Global stocks plunge, worsening slump.
U.S. stock futures were sharply lower and European stocks plunged on Thursday as investors digested the consequences of President Trump’s 30-day travel ban on European visitors to the United States.
S&P 500 futures tumbled more than 4 percent in premarket trading, pointing to another tumultuous day in U.S. markets after Wednesday’s drop that saw the Dow Jones industrial average enter a bear market for the first time since the 2008 financial crisis. Airline stocks were getting battered: United Airlines, American Airlines and Delta Air Lines were all down around 14 percent ahead of the start of trading on Wall Street.
The declines follow a spate of late news from the United States on Wednesday. President Trump announced that the United States would stop most Europeans outside Britain from traveling to the country for 30 days in an effort to slow the spread. The State Department advised Americans to reconsider all international travel. The National Basketball Association suspended its season after a player tested positive.
With global growth on the line, investors have been looking for world leaders to step in to keep the economic gears turning. Mr. Trump on Wednesday said he would extend financial relief for sick workers and would ask Congress for more. Britain has said it would spend more than $30 billion. Central banks are cutting interest rates.
So far, for investors, it hasn’t been enough.
In European markets, London led the drop, with stocks falling about 6 percent. The opening followed a broad fall in Asian shares.
Prices for 10-year U.S. Treasury bonds, a traditional safe haven for investors, jumped in Asian trading on Thursday, helping to keep yields near historic lows.
Oil prices were down more than 5 percent, shaken by a clash between Saudi Arabia and Russia over excessive production and by fears that the world simply does not need as much fuel as it once did.
All eyes are on the European Central Bank, with little hope.
As another wealth-destroying wave of selling swept through European markets early Thursday, eyes turned to the European Central Bank, and an anticipated midday announcement of emergency measures.
The bank was widely expected to deliver a cut to short-term interest rates while perhaps expanding its purchases of bonds, now running at about 20 billion euros ($23 billion) each month.
Investors and economists were expressing confidence that the central bank would deliver some sort of action, in large part because markets are gripped by fear and in need of confidence. Some central banks have already employed their tools: The U.S. Federal Reserve cut rates last week, and the Bank of England followed suit on Wednesday.
But any likely E.C.B. action is also expected to yield little meaningful change. The cuts from the Fed and the Bank of England were both followed by frantic selling, as investors appeared to construe activity as indications of dire conditions.
And the E.C.B. is particularly limited in its actions. Its rates are already below zero. Pushing them further into negative territory is unlikely to spur spending and investment. The central bank has already bought so many bonds that supply is scarce.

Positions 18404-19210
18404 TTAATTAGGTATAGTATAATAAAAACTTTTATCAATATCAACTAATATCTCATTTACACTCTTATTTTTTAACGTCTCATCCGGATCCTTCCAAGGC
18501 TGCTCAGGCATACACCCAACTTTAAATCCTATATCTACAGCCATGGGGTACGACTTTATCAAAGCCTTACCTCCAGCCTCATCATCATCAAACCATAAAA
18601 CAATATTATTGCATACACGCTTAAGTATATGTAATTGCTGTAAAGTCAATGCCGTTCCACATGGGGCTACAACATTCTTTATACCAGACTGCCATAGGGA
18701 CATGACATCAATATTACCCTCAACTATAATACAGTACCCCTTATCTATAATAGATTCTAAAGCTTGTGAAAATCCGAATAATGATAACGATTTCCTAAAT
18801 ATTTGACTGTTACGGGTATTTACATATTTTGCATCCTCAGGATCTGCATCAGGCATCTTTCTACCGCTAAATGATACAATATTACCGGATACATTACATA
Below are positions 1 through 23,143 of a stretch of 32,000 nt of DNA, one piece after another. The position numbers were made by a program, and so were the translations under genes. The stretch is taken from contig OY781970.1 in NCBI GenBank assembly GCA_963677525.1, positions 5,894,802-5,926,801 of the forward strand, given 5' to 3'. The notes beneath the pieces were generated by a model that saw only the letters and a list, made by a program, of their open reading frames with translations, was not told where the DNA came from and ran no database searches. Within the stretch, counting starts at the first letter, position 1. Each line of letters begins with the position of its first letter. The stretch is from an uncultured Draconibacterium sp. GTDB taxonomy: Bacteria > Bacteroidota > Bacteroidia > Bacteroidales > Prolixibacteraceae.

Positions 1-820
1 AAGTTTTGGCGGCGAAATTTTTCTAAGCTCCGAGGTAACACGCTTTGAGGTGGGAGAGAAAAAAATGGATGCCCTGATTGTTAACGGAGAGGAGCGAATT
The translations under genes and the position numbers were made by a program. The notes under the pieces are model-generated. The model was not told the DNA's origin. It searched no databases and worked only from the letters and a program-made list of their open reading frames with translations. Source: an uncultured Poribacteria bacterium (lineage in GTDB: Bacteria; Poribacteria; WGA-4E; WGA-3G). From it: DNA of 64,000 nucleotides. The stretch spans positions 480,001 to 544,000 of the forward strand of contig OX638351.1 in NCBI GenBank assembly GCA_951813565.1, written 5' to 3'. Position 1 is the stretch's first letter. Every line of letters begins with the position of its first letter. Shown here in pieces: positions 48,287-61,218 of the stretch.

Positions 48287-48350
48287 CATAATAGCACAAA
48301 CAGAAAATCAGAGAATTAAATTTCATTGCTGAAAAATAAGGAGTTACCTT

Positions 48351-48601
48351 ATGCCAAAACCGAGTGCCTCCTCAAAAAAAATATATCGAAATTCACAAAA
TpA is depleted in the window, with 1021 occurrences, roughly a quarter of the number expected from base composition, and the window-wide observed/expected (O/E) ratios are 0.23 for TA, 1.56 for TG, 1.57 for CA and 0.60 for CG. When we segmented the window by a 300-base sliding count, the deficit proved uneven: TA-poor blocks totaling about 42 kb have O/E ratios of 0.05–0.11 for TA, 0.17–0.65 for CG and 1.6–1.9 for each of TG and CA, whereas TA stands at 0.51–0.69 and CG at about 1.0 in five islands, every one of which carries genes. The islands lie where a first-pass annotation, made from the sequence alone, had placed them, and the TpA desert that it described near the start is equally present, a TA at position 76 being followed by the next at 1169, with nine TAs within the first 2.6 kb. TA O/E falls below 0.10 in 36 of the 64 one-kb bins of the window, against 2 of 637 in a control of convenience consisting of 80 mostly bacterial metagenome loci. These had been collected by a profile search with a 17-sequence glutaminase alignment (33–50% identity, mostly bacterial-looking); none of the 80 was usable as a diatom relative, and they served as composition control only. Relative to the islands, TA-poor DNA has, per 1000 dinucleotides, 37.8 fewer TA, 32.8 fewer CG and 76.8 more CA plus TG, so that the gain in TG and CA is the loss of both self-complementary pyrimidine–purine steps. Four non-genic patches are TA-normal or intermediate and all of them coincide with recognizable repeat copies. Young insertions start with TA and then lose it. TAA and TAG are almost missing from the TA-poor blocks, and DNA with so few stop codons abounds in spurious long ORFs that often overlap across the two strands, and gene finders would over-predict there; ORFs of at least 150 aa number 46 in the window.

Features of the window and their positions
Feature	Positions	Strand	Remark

The travel ban is expected to take a deep toll on the economy.
President Trump’s decision to ban most European travelers from the United States is expected to shake tourism-dependent industries on both sides of the Atlantic Ocean, from airlines to hotels to museums and amusement parks.
It will disrupt ambitious business plans, and add to the problems of world leaders already wrestling with the relentless coronavirus outbreak and the threat it poses to jobs and livelihoods.
Shares in European airlines traded sharply lower Thursday after Mr. Trump announced that he would suspend travel from most of Europe to the United States for 30 days, with the exception of Britain and Ireland. The State Department also warned Americans that they should reconsider all international travel, the most severe caution it can offer short of “do not travel.”
Travel and leisure stocks slumped nearly 10 percent on the benchmark Stoxx 600 index, and European airline shares plunged as much as 20 percent as the sector braced for a nearly unprecedented brake on activity. Air France, Lufthansa and IAG, the owner of British Airways and Iberia, fell as much as 13 percent. Shares in Carnival, the cruise ship operator, fell to 11-year lows.
Global economy was already weakening toward recession.
Even before the global pandemic, many of the world’s largest economies were slowing markedly, sliding toward trouble.
This is the chief finding from a report released by the Organization for Economic Cooperation and Development on Thursday morning — a potential indication that the deadly coronavirus risks turning what was already flagging growth into a global recession.
Members of the so-called Group of 20 countries — a bloc that collectively accounts for roughly 90 percent of the world’s economic output — saw their growth slow to 0.6 percent during the last three months of 2019, down from 0.8 percent during the previous quarter, according to the report. Japan, Italy, France and Mexico all contracted.